On-the-Job Injuries and Your Rights
Any job site, or office location, comes equipped with its share of risks. Sure, some forms of employment make you more vulnerable to on-the-job injuries than do others; a construction worker, for instance, is probably more at risk for a work-related physical injury than is, say, a librarian. But a librarian can still trip over stacked books or get struck by a poorly-stabilized bookshelf. The point is, as our Delray Beach personal injury lawyers know, workplace accidents are far too, and all too, common. In this blog post, we are going to tell you about some of your rights in seeking compensation after an on-the-job injury.
First, let’s quickly survey the most common types of on-the-job injuries. As we noted above, construction work injuries are particularly common. According to U.S. Occupational Safety & Health Administration, out of 4,251 reported worker fatalities in private industry in the year 2014, 20.5% were in the construction sector. Per OSHA statistics, the leading causes of deaths on construction sites were, in order of descending prevalence, falls (40%), electrocution (8.5%), being struck by an object (8.4%), and getting caught in between large objects or materials (1.4%). Other types of common injuries include overexertion due to lowering and lifting (in construction, material transportation, etc.) and injuries due to repetitive motion (manufacturing, etc.).
In general, if you have been injured due to the wrongdoing of someone else (whether in an auto accident, or a slip-and-fall at the grocery store, etc.), you can hire a personal injury lawyer and bring a civil negligence action. However, when it comes to injuries sustained at work, there is a whole body of regulatory law that can, and does, in many cases, prevent you from bringing an action against the negligent party (i.e. your employer). That body of law is called Workers’ Compensation.
Workers’ Compensation, or “Work Comp,” is a form of insurance, obtained by employers, which provides funds for loss of income and medical benefits to the employers’ employees who were injured in the course and scope of their employment. The trade-off is that employees, while they are guaranteed some form of compensation through Work Comp, automatically surrender their right to bring a private civil negligence action against their employer. But as our personal injury lawyers at Aronberg, Aronberg & Green know, there are exceptions to the Workers’ Comp prohibition on private suits against an employer whose negligence caused you physical injury.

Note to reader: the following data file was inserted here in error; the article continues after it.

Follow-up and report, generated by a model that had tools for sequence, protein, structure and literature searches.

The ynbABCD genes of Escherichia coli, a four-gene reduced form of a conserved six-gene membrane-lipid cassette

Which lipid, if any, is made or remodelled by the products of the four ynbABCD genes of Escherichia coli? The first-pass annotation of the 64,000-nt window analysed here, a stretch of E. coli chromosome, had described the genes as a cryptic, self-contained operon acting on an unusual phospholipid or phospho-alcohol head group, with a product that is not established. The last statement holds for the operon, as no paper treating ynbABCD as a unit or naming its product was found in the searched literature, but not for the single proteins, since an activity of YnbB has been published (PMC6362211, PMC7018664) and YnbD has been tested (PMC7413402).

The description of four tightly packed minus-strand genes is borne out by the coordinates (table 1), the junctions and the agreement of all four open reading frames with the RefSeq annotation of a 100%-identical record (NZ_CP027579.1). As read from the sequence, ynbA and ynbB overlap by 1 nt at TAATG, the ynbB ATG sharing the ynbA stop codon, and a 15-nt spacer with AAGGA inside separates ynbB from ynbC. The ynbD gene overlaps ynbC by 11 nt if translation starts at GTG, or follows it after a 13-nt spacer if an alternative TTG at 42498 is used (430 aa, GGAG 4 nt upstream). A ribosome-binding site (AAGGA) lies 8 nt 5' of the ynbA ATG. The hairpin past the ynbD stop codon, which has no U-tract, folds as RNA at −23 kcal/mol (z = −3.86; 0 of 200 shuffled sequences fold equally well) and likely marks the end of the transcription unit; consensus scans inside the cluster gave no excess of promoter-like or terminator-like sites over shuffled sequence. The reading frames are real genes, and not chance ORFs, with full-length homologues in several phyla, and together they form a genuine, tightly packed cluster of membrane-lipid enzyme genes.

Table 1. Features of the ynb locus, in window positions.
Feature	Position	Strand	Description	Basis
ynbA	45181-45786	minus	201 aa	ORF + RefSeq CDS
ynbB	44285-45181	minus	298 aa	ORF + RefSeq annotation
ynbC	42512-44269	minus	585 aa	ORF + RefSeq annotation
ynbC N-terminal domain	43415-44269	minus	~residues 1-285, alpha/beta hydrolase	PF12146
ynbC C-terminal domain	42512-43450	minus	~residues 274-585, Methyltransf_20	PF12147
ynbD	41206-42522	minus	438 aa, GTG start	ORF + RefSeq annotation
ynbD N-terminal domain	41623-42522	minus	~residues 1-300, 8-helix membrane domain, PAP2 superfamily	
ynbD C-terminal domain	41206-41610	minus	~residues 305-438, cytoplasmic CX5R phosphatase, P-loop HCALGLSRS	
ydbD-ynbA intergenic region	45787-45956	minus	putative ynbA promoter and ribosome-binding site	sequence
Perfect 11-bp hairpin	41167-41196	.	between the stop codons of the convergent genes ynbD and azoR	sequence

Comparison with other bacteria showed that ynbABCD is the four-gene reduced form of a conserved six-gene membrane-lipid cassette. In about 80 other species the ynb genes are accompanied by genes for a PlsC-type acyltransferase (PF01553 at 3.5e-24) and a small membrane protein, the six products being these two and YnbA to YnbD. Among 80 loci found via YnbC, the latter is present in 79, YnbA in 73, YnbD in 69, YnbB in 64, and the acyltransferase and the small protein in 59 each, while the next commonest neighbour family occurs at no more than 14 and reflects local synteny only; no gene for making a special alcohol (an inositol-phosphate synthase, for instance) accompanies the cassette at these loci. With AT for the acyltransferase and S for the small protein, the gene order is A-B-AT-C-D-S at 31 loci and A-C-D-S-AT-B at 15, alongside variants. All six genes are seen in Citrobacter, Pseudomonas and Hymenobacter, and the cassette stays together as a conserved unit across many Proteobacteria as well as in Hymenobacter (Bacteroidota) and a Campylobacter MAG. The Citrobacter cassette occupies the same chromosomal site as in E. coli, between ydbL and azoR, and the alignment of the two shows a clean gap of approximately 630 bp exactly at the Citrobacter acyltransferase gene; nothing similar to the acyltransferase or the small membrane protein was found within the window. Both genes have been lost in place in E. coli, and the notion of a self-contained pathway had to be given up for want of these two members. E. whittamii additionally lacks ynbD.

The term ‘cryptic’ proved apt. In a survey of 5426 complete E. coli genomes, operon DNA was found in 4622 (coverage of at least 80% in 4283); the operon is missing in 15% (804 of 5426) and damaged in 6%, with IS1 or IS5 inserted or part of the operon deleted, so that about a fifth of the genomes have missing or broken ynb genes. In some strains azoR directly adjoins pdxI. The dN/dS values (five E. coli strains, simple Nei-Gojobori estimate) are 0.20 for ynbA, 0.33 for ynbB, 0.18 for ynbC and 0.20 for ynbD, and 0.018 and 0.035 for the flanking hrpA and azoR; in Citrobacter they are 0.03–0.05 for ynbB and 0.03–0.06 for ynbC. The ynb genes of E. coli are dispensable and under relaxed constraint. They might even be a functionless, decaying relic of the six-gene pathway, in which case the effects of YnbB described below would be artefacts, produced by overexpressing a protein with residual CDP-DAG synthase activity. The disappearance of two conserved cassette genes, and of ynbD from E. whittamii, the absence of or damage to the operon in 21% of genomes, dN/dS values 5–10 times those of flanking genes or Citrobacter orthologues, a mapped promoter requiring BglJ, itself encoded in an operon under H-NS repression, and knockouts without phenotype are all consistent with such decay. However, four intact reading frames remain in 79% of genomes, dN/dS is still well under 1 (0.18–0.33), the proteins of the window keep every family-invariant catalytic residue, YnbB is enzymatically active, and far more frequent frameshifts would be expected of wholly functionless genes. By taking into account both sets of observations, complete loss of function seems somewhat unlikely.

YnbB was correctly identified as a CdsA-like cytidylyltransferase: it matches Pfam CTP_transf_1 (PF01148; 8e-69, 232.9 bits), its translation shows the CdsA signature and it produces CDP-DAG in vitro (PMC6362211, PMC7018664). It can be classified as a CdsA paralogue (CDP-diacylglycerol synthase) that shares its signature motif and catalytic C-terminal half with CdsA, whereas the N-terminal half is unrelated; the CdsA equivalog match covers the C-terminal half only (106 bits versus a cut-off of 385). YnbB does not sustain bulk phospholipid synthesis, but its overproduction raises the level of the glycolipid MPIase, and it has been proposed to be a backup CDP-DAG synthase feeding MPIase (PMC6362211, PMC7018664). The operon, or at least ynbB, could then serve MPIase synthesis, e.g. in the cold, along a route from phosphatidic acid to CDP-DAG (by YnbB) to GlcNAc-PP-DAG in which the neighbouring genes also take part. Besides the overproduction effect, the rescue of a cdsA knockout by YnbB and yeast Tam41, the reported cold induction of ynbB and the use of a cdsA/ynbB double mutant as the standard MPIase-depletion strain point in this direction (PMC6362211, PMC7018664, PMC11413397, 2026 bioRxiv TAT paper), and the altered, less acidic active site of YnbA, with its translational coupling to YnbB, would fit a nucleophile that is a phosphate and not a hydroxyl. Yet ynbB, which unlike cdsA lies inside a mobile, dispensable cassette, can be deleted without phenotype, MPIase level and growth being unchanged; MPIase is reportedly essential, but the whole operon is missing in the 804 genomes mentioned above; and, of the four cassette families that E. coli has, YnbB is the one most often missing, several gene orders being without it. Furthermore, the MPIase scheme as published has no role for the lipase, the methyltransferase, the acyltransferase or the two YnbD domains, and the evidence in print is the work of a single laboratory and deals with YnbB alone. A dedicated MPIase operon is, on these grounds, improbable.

A major case, the result of which has proven incredibly beneficial to those who have been injured due to the wrongdoing of their employers, is called Laidlow v. Hariton Machinery Co., and it was decided by the New Jersey Supreme Court in 2002. Because negligence, and tort in general, is part of what we call the “common law,” rulings from out-of-state courts can prove to be relevant and persuasive. That is, in the absence of statutes dictating exactly how to handle all of these issues, all we, and the courts, have to go by is what courts have done in the past: and Laidlow is a great example of a court deciding a common law issue with implications all across the country.
In Laidlow, the court held that despite the fact that the employee was covered under Workers’ Comp, that employee could still file a private civil negligence lawsuit against his employer (i.e. the employer would not be shielded by Work Comp) when the employee can prove that the employer knew with substantial certainty that its actions would result in harm to the employee and the injury which resulted was not part and parcel of the type of work the employee did. As our personal injury lawyers know, a similar case in Florida, Turner v. PCR, Inc., held that employers do not enjoy immunity from a lawsuit by an employee when the cause of action is an alleged intentional tort.
From these rulings, we can infer that a plaintiff who has been injured due to the intentional acts (or, per the court in NJ, acts which the employer was “substantially certain” would result in harm to the plaintiff) of an employee might not be limited by Work Comp – that is, while Work Comp will still provide a benefit to the injured employee, it will not prohibit him from seeking the full amount he feels he is owed.
If you have any questions about this or any other personal injury issue, please contact our Delray Beach personal injury lawyers at the Law Offices of Aronberg, Aronberg & Green by calling 561-266-9191 or by emailing us at firstname.lastname@example.org. We look forward to assisting you!